This is an interesting answer to a question posed to Packers.com writer Vic Ketchman. Question in regular type, answer in bold type:
“I’d like to remind my fellow Packers fans that from the ninth game in 2009 until the 16th game of 2011, the Packers went 36-9.” I’d like to remind everyone that it’s Super Bowls the average fan remembers, not year-to-year records. Fans don’t care about how well we fought in a losing effort, how far we went in the playoffs or what rank our offense was that year, fans care about that final W. “Winning is not a sometime thing, it is an all-the-time thing.”
That sounds nice, but in what season was winning an all-the-time thing for Vince Lombardi’s teams? You want the truth? OK, here’s the truth. Those teams that won five NFL titles played in a league that was watered down by the emergence of the AFL. The NFL of the 1960s was a league full of cash-strapped franchises that had no chance of competing for a title. They were just trying to stay alive in the NFL-AFL wars that were skyrocketing salaries and making it impossible for cash-strapped teams such as the Steelers to even be competitive. In 1966, the Steelers selected a running back named Dick Leftridge in the first round. It was such a reach pick that it was a terrible embarrassment for the franchise. They picked him because he agreed to sign a contract far beneath what a first-round pick would earn. The Packers of the 1960s played in a 14-team NFL that included two expansion franchises (Dallas and Minnesota) and a third (Atlanta) on the way. Of the 15 teams in the league in 1966, more than half of them were not competitive and, frankly, weren’t even attempting to be competitive. They were just trying to outlast the AFL. With all due respect to those wonderful Packers teams of the 1960s, they would not have won nearly as many titles if they had played in today’s 32-team, ultra-competitive NFL. In this NFL, a Super Bowl title is a sometime thing; it’s a very special thing. In this NFL, the record the Packers have achieved since 2009 is extraordinary.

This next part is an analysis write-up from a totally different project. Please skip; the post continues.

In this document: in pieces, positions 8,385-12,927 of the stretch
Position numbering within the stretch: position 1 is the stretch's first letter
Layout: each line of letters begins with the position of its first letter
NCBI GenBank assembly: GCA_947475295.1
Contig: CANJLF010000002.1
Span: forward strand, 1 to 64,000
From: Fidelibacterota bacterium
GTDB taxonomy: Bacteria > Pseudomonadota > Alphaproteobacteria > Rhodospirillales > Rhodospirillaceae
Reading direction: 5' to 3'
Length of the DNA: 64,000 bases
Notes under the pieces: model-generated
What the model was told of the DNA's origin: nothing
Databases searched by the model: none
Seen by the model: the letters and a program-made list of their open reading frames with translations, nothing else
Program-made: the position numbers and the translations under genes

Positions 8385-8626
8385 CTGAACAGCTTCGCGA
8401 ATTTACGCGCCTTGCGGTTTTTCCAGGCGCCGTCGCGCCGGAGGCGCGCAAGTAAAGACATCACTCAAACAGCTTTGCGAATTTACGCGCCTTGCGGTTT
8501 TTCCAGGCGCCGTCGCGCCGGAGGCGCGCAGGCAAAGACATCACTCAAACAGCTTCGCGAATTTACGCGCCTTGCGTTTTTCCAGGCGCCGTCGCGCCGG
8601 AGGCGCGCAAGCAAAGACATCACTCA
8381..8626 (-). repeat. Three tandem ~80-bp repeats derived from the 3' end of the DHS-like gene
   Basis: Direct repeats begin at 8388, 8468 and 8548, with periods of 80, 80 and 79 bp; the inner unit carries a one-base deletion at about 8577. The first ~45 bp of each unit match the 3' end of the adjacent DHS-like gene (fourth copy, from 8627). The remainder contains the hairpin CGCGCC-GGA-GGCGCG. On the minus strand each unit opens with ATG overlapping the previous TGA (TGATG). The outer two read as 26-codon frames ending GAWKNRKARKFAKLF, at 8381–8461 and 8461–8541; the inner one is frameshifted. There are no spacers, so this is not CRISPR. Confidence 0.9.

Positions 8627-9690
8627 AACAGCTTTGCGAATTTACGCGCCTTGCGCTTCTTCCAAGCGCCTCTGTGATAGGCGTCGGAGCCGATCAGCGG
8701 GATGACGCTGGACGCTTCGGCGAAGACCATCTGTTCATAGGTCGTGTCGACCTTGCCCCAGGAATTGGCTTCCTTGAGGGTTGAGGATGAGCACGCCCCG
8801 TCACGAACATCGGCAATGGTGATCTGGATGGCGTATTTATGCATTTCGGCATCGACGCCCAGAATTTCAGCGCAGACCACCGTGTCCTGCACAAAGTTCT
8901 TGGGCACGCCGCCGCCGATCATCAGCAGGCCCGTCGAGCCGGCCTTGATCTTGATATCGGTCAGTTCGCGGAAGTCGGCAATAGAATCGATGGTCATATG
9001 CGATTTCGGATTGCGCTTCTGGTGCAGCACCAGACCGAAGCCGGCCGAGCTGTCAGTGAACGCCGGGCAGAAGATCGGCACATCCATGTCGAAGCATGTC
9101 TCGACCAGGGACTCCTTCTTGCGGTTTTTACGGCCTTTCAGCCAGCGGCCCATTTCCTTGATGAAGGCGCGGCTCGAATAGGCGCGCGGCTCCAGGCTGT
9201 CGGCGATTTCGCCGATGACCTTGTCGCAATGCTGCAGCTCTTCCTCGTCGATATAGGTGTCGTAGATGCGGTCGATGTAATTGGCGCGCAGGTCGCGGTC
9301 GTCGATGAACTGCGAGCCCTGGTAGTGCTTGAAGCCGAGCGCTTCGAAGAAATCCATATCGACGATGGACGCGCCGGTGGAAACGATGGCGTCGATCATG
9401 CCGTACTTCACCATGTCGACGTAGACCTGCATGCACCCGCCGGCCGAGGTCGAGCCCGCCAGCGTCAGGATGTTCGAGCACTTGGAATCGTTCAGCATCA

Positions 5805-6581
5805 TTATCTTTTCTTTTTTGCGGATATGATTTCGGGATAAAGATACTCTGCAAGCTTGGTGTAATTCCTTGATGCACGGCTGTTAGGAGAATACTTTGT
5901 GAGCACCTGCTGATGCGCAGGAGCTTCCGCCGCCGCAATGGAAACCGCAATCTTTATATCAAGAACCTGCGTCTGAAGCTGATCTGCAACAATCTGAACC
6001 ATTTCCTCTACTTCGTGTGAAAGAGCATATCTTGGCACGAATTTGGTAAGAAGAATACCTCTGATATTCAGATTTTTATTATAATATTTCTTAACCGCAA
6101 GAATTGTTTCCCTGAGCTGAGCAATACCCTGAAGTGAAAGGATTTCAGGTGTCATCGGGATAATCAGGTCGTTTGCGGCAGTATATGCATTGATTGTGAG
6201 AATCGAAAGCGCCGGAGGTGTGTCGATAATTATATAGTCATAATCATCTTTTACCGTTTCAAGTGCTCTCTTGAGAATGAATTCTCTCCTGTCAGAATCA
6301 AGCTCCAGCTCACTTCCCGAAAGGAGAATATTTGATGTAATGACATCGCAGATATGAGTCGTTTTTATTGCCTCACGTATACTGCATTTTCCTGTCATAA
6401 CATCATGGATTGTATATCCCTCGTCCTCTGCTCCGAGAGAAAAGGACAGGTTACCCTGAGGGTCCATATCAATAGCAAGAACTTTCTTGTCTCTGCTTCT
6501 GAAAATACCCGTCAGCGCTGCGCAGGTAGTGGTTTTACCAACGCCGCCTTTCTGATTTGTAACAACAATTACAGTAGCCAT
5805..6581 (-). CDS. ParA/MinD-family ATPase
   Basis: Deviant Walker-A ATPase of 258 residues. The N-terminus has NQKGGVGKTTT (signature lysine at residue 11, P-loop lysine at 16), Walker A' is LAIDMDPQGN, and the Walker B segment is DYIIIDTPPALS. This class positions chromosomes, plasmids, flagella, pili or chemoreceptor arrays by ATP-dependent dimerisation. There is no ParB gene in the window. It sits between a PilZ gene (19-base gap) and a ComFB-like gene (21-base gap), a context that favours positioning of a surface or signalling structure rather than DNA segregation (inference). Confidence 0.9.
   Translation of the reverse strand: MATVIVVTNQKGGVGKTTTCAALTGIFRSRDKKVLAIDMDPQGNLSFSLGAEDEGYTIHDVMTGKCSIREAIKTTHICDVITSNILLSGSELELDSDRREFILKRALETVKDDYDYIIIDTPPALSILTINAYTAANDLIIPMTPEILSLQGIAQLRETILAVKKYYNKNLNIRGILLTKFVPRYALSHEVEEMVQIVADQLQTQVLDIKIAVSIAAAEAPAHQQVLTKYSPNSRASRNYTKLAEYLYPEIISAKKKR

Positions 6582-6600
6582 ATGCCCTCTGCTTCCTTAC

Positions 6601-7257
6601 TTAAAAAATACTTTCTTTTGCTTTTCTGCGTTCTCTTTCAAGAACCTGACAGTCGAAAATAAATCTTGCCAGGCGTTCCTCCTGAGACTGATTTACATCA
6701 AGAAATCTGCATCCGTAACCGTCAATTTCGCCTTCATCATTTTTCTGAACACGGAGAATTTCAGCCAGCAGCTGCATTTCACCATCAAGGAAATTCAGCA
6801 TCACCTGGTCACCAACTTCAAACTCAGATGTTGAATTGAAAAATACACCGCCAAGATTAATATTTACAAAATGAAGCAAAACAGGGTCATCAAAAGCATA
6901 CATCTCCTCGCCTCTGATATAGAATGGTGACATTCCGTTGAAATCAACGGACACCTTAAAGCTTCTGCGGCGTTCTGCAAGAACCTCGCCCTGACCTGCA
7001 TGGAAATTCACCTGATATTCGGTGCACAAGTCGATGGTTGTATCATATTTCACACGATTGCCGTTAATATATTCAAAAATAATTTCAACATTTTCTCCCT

In 1959, Vince Lombardi’s first season as Packers general manager and coach, the NFL had 12 teams, each of which had rosters of 36 players. One year later, the American Football League and its eight teams entered the pro football world, the same year the Dallas Cowboys joined the NFL. I couldn’t find the AFL’s roster size rules, but assuming they were similar to the NFL’s the number of people who could call themselves pro football players expanded by three-fourths from 1959 to 1960. One year later, the NFL added Minnesota. Atlanta joined the NFL and Miami joined the AFL in 1966, New Orleans joined the NFL in 1967, and Cincinnati joined the AFL in 1968. Between the NFL and AFL and roster size growth, between 1959 and 1968, the number of football-team roster spots grew by nearly 2 1/2 times.
Between 1960 and 1969, the Packers played in six NFL championship games, winning all but in 1960. The New York Giants lost their three championship game appearances, 1961 through 1963. The Cowboys lost their two, 1966 and 1967. Cleveland won one (1964) and lost three (1965, 1968 and 1969). Philadelphia (1960), Chicago (1963), Baltimore (1968) and Minnesota (1969) won their only title game appearances of the ’60s. Los Angeles got in the playoffs three consecutive years, but not the NFL title game, in the late ’60s.
So from this we can conclude that the best NFL team of the ’60s was indeed the Packers, followed by the Browns. The Colts (they also tied for a division title in 1965, forcing a one-game playoff with the Packers that ended in overtime) dipped and then revitalized under Don Shula, the Cowboys, Rams and Vikings were on their way up, the Giants were on their way down, and the Eagles and Bears were one-year wonders. That leaves the rest — St. Louis, Detroit, Washington (the last NFL team to use black players), Pittsburgh, San Francisco, Atlanta, New Orleans, and, not counting one season each, Philadelphia and Chicago — as almost being out of the running for the playoffs after their first game.
The other difference between then and now is the bigger role of the general manager. Recall that most of Lombardi’s Glory Years players — Bart Starr, Paul Hornung, Jim Taylor, Jerry Kramer and so on — were already there when he showed up in 1959, courtesy of the late Packers scout Jerry Vainisi, who did his job much better than the coaches he worked for did his jobs until Lombardi arrived. GM Lombardi was less successful — he drafted Herb Adderly, traded for Willie Davis, and signed Willie Wood as a free agent — than coach Lombardi. Numerous NFL observers will tell you that there is little difference in overall talent level between the best and worst NFL teams.